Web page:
Citigroup Must Face Los Angeles Discriminatory Lending Suit
Citigroup Inc., one of three mortgage lenders sued last year by Los Angeles for allegedly targeting minorities with "predatory" loans, lost its first attempt to dismiss the claims.
U.S. District Judge Otis Wright II, who last month denied Wells Fargo & Co.'s request to dismiss a similar lawsuit by Los Angeles, said the city's complaint against Citibank provided sufficiently detailed allegations for the case to proceed. The judge didnít rule on the merits of the claims.
"L.A. has already identified through publicly available loan data 1,200 discriminatory loans issued by defendants that have resulted in foreclosures," the judge said.
The second-largest U.S. city sued Citibank, Wells Fargo and Bank of America Corp. in December, alleging that since 2004 they placed black and Hispanic borrowers in mortgages they couldn't afford, which led to a disproportionate number of foreclosures in minority neighborhoods when the housing market collapsed in 2008.
Los Angeles seeks damages for property taxes it lost because of the foreclosures as well as for increased costs in municipal services in blighted neighborhoods. On May 30, the city filed a similar discriminatory lending lawsuit against JPMorgan Chase & Co.
"This is not a ruling on the facts in the case, and we continue to believe the suit is without merit," Mark Rodgers, a spokesman for New York-based Citigroup, the third-largest U.S. bank, said in an emailed statement. "Citi is proud of its deep commitment to make sure our lending standards are fair to all of our customers."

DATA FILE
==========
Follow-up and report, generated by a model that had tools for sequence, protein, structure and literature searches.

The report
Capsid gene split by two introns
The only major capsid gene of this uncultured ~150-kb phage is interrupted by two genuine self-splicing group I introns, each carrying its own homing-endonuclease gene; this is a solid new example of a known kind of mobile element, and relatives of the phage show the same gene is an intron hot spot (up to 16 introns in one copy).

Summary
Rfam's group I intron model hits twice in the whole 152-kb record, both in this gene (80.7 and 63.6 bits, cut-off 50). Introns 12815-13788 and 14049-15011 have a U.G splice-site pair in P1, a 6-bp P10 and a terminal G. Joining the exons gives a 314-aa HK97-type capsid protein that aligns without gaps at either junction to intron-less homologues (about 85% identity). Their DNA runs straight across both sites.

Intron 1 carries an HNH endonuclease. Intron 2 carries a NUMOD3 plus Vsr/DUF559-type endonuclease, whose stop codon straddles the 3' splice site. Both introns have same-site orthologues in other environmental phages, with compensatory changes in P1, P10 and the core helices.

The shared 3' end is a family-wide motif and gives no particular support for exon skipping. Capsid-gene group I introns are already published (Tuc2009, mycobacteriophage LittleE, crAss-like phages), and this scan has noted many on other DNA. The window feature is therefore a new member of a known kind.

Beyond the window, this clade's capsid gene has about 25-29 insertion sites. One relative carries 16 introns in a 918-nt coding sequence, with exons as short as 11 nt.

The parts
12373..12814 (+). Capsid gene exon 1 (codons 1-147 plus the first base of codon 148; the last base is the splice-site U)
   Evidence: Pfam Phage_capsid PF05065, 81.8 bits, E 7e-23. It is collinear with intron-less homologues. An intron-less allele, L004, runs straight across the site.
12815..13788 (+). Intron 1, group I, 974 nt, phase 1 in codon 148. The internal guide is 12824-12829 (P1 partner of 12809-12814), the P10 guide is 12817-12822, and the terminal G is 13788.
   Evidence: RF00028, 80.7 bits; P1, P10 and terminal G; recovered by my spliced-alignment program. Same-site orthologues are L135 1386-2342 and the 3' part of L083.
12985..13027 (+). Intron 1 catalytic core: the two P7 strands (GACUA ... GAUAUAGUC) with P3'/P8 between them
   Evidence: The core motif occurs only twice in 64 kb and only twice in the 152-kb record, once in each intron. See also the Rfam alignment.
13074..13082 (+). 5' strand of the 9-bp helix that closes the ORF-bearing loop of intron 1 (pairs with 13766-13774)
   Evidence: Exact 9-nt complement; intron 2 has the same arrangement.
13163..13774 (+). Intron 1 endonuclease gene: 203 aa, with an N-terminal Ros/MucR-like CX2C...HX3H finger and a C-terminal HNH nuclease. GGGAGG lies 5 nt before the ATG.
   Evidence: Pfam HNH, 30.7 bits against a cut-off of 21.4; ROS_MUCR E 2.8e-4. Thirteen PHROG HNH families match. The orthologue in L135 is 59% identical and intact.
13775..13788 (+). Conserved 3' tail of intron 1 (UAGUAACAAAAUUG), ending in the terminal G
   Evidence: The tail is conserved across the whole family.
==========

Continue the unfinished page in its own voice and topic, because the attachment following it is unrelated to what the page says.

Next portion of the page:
Los Angeles, which previously sued Deutsche Bank AG as owner of foreclosed properties, and other cities have explored legal means to hold banks accountable for urban blight in the wake of the 2008 collapse of the U.S. housing market and financial crisis.
Homeowners in Los Angeles lost about $78.8 billion in home value as the result of 200,000 foreclosures from 2008 through 2012, the city said last year, citing a report by Alliance of Californians for Community Empowerment and the California Reinvestment Coalition. The lost property tax revenue to the city has been $481 million, according to the complaints.